As legal online gaming – whether with a full range of casino games, or poker only – slowly starts to emerge in America, state by state, an interesting conundrum awaits. With regulatory systems set up in Nevada, Delaware and New Jersey to allow only existing land casinos to be licensed online, the issue of whether Internet play will help or hurt brick-and-mortar play remains up in the air; there’s simply not enough data yet, one way or the other, to determine how that is likely to play out.
Helping or Hindering? Too Soon to Tell
But while clearly some major land gaming operators – Station Casinos and Caesars Entertainment, most notably so far – have placed their bets on the line that the two different gambling formats can be symbiotic, over in California, not all casino operators are so sure. And while some industry analysts who are watching the Golden State carefully to see which way the online wind will be blowing in 2014 say that it’s inevitable that California will cave sooner rather than later, that doesn’t mean it’s going to be a fight without a few arrows being slung.
“I don’t have any doubt we’ll have legal online poker in California,” I. Nelson Rose, a Whittier Law School professor who specializes in gambling law, predicts. “Only politics is preventing it.”
“Politics” is a politically correct way of saying “Indian tribes,” as these casino operators peppered throughout the state have, to date, been one of the primary stumbling blocks to launching an online presence in California. After all, unlike Stations and particularly Caesars, they don’t have major branding symbiosis behind them, since they are generally just named for the tribe that operates and sometimes owns the casino in question. And on the other side of the coin, these operators don’t hesitate to throw their weight around in the legislature with lobbyists representing their interests.
“The tribes have done a tremendous job of using the wealth generated from gaming to gain political power,” Rose says.
Rose points out that – unlike the viewpoint of major casino brands that see the potential for one medium to boost the other – Indian casinos tend to see the Internet as a threat to their business. But with betting on the ponies already legalized in California, Rose believes this is a horse that has clearly left the barn, and is simply on its way to its final destination. And the reason, in this expert attorney’s estimation, is simple: California desperately needs to boost its state tax coffers, given its somewhat abysmal current financial picture. And Rose believes this will come to pass – for legalized Internet poker, anyway – during the 2015 legislative session in Sacramento.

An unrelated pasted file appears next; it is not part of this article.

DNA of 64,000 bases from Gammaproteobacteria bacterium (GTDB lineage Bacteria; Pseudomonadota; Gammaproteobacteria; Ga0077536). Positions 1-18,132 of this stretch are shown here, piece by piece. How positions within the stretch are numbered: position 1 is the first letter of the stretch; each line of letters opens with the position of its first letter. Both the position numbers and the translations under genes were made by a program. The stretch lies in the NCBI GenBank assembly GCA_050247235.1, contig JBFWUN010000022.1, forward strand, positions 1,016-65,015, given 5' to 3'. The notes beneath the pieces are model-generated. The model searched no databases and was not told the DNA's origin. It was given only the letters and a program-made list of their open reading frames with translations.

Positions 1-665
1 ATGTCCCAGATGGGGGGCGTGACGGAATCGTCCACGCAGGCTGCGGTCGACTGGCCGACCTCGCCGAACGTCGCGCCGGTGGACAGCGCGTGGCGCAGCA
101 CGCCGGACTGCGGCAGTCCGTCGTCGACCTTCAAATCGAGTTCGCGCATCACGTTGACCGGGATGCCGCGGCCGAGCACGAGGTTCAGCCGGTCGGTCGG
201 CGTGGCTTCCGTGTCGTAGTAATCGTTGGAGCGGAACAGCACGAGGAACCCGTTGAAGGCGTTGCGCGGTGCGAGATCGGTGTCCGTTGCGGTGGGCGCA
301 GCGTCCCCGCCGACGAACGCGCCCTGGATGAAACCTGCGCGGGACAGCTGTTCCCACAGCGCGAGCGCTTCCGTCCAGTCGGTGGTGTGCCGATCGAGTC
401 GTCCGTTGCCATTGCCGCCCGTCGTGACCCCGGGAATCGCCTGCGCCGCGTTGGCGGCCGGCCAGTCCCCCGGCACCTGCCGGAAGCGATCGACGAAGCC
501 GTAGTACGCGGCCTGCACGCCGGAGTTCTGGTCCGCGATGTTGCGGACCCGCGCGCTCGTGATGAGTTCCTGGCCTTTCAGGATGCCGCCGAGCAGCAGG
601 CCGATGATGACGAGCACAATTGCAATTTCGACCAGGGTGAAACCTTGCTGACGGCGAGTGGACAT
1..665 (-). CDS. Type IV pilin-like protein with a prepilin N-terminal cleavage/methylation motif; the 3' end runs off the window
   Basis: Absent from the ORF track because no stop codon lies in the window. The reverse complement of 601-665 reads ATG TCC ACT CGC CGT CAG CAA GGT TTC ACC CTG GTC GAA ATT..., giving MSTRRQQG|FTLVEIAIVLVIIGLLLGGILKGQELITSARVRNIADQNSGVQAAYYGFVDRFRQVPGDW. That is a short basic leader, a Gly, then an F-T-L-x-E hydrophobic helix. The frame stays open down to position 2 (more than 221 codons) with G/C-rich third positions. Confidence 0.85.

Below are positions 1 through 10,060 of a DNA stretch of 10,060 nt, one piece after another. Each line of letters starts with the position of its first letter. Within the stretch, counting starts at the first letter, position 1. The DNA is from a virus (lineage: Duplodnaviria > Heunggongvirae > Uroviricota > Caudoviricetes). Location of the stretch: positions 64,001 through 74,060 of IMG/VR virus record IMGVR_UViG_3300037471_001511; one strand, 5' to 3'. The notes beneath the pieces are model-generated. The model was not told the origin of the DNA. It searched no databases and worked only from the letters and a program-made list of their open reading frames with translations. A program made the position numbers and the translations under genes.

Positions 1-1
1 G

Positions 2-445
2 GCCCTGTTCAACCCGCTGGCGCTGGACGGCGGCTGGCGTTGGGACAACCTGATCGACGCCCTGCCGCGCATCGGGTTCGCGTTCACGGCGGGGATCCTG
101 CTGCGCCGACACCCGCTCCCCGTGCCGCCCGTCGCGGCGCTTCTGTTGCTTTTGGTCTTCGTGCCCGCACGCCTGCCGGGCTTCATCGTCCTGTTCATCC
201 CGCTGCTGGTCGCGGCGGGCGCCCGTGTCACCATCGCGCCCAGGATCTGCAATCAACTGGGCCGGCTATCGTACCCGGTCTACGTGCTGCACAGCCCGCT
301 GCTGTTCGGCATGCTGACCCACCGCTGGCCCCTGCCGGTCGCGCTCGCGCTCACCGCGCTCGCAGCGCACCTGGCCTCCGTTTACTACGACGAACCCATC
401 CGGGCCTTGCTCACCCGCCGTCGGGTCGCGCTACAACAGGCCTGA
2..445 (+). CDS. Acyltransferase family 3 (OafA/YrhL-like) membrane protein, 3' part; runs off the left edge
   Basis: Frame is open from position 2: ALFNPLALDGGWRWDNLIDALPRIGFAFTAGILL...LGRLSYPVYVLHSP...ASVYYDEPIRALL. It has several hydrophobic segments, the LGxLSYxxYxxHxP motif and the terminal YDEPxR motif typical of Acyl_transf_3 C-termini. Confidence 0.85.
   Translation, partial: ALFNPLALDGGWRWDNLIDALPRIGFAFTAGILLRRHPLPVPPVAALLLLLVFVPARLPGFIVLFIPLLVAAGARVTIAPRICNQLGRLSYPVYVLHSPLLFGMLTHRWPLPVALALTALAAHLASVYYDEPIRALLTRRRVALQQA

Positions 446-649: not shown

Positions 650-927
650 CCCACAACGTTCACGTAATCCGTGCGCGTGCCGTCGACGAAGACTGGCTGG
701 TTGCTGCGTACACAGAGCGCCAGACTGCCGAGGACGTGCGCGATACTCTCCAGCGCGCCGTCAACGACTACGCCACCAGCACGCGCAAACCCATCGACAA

Coming Sooner Rather Than Later
Rose isn’t alone in his conjectures about California’s online poker direction, either. Jeff Ifrah – an attorney who also has a gaming law focus and practices out of Washington, D.C. – foresees other states’ success as a bellwether for California to move forward with it as well.
“There haven’t been any incidents where someone has accessed the system and actually played the game from outside of those three states, as far as I know,” Ifrah noted, referring to the relative success of the geo-location systems that online sites are using to determine where players are located at the time of play. If anything, the geo-tracking systems have worked a little too well, sometimes keeping people who really are within a state’s borders from playing online, if they are too close to the borders in question.
“California coming online would dwarf any success that those other markets had,” Ifrah said, referring to the state’s 38,041,430-person population base, which makes it far and away the largest of any U.S. state.
Ifrah also thinks that California’s Indian tribes may have tunnel vision when it comes to their paranoia about the online market.
“It’s not like opening another casino across the street,” Ifrah says. “Online gaming can actually generate new foot traffic for land-based casinos.”